A smaller scale version of space solar power might be able to pulse microwaves to create ozone between 20 km and 50 km altitude. If the beam was 10 km high and 100 km wide, the transmitter could be aimed from GEO towards the limb of the Earth over Antarctica, where scattering will have few biological consequences.
The polar radius is 6353 km; assume this radius out to the edge of Antarctica. A right triangle with a hypoteneuse of 42164 km and one side 6353 + 25 = 6378 km (in the lower polar stratosphere) will occur at arccos( 6378 / 42164 ) = 81.3°S latitude, over unpopulated continental Antarctica. The distance from this point to GEO is 42164 sin( 81.3° ) = 41680 km. A triangle with a hypoteneuse of 6353 + 50 + 5 = 6408 km and a side of 6378 km defines where the edge of the beam hits the top of the stratosphere; arccos( 6378 / 6408 ) = 5.5° is added or subtracted from the latitude to find the latitude range ( 75.8°S to 86.8°S ) where we might expect some small amount of scattering to the surface below.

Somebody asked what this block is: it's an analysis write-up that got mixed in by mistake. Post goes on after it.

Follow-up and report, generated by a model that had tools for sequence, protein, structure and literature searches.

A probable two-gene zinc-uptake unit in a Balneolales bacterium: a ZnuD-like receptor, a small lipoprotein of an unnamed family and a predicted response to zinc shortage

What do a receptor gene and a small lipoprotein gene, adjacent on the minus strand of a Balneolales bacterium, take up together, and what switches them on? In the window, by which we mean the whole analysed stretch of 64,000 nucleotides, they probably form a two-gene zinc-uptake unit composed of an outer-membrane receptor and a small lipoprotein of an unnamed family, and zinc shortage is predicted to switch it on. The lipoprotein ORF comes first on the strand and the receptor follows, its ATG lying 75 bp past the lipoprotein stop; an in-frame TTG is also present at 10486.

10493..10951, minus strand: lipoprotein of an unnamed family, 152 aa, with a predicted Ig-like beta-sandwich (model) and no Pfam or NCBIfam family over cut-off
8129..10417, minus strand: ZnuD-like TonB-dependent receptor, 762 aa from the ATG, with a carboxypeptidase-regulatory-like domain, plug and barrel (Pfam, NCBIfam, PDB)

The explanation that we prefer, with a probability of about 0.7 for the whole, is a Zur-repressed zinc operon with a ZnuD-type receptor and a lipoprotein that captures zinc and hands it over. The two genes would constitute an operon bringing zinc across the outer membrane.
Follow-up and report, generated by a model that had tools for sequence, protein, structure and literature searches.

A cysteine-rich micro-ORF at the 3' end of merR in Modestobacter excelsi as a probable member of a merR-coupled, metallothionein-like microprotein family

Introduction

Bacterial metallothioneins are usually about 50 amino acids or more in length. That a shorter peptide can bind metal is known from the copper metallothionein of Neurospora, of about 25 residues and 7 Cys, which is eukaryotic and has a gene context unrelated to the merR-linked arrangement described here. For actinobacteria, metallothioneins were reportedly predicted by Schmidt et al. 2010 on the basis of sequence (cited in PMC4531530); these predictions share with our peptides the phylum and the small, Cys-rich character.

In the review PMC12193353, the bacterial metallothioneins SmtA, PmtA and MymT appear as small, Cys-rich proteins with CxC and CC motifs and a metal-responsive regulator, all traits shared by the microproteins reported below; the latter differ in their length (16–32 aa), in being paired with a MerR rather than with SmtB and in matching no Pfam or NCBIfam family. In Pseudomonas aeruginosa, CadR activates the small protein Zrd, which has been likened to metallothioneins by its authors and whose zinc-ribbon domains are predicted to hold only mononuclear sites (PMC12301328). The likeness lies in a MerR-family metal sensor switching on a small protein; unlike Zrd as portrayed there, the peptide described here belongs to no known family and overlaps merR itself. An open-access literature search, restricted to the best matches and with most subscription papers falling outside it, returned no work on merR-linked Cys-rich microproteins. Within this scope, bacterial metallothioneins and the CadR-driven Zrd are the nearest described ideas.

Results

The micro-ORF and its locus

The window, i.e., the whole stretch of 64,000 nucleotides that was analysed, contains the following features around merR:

The map shows that 75.8 °S crosses the Weddell and Ross Seas, and encompasses six research stations; however, most longitudes have nothing living between 75.8 °S and the pole, so the geostationary satellite should be located there. Some longitudes are more stable than others (MoreLater) and require less stationkeeping thrust to "anchor" a satellite.
The beam center crosses 50 km altitude (inbound and outbound) at arccos( 6378 / 6403 ) = 5° from the 81.3° latitute center; latitude range ( 76.3°S to 86.3°S ). The beam traverses 2*6378*tan(5°) = 1100 km of stratosphere - much better than the 30 km path of a vertical beam.
The beam width from the geosat is atan( 50 km / 41680 km ) = 0.07° = 1.2 milliradians. The beam height is 0.2 times that, or 0.014° = 0.24 milliradians. The transmitter aperture at GEO is 1.2 times the wavelength times the reciprocal of the radians; for a 10 cm wavelength (WAG), the transmitter aperture would be 500 meters high by 100 meters wide.
MoreLater (refer to russian papers)